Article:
I made a wooden cover for the chassis on the drive (luckily I have friendly neighbours) mainly to hide a big pile of steel from an over eager scrap man.
Now that I could have a proper look at it, I was pretty happy with what was there, I looked under it before I bought it, it seemed solid apart from the common places (outriggers etc) the main rails, uprights and main structure were all in good condition minus the surface rust. The outriggers, body mounts and a few other bits needed replaces but all in all not a shock.
Stripped all the suspension, fuel tank, rear axle, brake & fuel lines, left over wiring and anything else off the chassis till it was a bare frame.
I attacked the metal over 2 weekends with flappy disks and wire wheels (not clean work) I did a section, stopped applied a rust converter then a decent etch primer to protect. Some places the metal was thin under the rust so marked for repair.
I didn't bother stripper the outriggers, they are getting replaced anyway. Finished the top side, flipped over and started again
Stripped and sealed I took it down to my family's workshop, my brother and I spent a couple of weeks worth of evenings cutting out rotten metal and welding in replacements. The outriggers and body mounts were replaced in galvanized steel to hopefully protect for as long as possible. We added supports where the original reliant roll hoop that is glassed into the body is mounted, they were rotten anyway so can only image the metal sat in the sweaty fibre glass is just as bad. The plan is to use those supports and some more added further back for a half cage (halo bar just behind the rear seat with a pair of straight bars going straight back and a cross over)
Then on a recommendation from another thread on here I coated in Por-15. If it sticks to metal anywhere near as good as it does to skin then this thing will out live all of us.
Now all caught up and after what feels like weeks and weeks of metal work I can start rebuilding/modifying things to put back on the chassis. Starting with the rear axle. Scimitars came with a Salisbury 4HA which are decent to start with, there is a couple of scimitars already running decent power through them so will hold up fine. I am on the look out for a jag power lock diff which is a tried and tested swap to add an LSD.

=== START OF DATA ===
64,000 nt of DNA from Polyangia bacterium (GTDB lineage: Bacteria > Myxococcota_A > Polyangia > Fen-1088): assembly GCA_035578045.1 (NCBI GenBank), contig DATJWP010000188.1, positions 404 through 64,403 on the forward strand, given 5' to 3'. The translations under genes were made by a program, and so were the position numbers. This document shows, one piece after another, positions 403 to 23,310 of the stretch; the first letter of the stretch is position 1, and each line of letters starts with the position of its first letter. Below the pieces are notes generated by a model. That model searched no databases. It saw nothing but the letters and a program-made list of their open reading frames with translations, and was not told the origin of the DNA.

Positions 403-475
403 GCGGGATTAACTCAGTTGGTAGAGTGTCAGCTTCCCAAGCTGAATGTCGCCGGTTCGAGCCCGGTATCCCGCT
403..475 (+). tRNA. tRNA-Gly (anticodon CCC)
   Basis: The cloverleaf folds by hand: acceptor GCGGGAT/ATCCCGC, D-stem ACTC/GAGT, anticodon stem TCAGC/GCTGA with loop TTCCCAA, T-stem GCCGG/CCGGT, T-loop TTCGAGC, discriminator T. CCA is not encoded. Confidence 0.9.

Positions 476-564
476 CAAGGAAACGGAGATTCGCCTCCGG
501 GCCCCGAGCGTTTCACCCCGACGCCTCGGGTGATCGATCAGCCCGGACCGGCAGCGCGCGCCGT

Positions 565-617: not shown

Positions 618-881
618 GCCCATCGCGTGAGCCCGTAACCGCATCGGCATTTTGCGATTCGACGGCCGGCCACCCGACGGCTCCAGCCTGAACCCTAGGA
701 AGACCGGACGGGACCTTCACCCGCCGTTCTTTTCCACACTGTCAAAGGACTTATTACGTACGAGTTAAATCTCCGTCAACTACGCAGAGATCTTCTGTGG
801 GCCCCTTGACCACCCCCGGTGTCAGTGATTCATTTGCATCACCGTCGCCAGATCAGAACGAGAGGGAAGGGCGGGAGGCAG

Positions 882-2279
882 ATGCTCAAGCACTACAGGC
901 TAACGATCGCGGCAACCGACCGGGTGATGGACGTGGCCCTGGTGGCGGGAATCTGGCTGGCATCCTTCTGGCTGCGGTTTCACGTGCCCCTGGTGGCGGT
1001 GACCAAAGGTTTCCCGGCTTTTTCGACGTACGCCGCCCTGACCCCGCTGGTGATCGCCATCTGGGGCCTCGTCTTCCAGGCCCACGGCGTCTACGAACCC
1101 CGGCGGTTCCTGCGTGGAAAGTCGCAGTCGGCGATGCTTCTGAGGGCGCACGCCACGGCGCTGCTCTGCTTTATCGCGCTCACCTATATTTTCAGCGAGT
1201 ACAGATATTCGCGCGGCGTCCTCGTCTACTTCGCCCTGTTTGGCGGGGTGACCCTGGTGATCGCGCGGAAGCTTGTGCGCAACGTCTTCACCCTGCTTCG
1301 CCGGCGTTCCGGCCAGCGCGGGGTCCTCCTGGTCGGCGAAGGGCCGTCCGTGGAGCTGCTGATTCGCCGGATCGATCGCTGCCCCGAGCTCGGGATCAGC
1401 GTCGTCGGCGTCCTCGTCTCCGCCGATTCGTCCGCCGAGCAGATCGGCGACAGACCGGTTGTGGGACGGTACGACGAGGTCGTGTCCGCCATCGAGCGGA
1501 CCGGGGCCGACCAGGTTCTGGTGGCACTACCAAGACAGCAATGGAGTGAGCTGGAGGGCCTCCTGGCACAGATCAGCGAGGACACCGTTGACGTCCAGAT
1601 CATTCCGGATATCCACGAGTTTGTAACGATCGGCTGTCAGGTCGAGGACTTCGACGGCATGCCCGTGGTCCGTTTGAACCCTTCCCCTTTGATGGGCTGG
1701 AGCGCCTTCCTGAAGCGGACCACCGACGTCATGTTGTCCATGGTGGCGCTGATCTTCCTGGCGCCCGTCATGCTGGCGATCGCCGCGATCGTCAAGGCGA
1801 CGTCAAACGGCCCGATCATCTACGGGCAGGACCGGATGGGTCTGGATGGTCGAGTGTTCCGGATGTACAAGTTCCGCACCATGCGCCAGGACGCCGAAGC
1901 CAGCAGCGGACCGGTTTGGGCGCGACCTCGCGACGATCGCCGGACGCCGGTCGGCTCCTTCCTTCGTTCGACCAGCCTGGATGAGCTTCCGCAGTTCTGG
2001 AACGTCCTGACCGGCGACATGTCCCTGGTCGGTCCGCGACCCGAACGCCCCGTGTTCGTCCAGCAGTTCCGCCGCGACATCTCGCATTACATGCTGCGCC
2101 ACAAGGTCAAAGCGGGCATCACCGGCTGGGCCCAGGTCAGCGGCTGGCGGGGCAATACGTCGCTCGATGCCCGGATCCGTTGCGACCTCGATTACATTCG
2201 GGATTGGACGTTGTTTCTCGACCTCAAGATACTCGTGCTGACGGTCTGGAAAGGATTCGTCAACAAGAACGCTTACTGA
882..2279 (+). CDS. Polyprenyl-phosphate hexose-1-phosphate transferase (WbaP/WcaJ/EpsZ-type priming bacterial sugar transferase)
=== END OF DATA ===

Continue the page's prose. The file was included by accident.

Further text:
New bearings, gaskets and rear brake rebuild kit ordered this week. I've already broken 1 puller trying to get the shafts out so that is next weeks job.
I'm not planning on swapping out the rear drums for disks, I have spoken to a few people who hillclimb or compete with the rear drums so will give them a go for now. there will be less than a ton to stop so nothing to stress about.
The plan from here is to rebuild all the suspension with polybushes although I am toying with the idea of getting into 3d printing to make my own (I will have to do this for the engine mounts anyway) add coilovers, refurbished calipers with a bigger disk set up at the front, get the chassis rolling before my brother's second child arrives at the end of March. After that he will be on house arrest for a few months while I potter on running brake lines, making the engine mounts and probably building the saab engine - we are going for around 350bhp which is easy for those engine but for peace of mind I will rebuild it before doing anything with it.
I'm liking this, I've had a Scimitar itch I've needed to scratch for years.
Now is the time to scratch that itch! They are way undervalued IMO they seem to be creeping up at the moment. A scruff runner was 800-1200 this time last year. They are closer to 2k now. There was even a SE5a like mine that got over 10k which is the first time I’ve seen that, it was stunning though.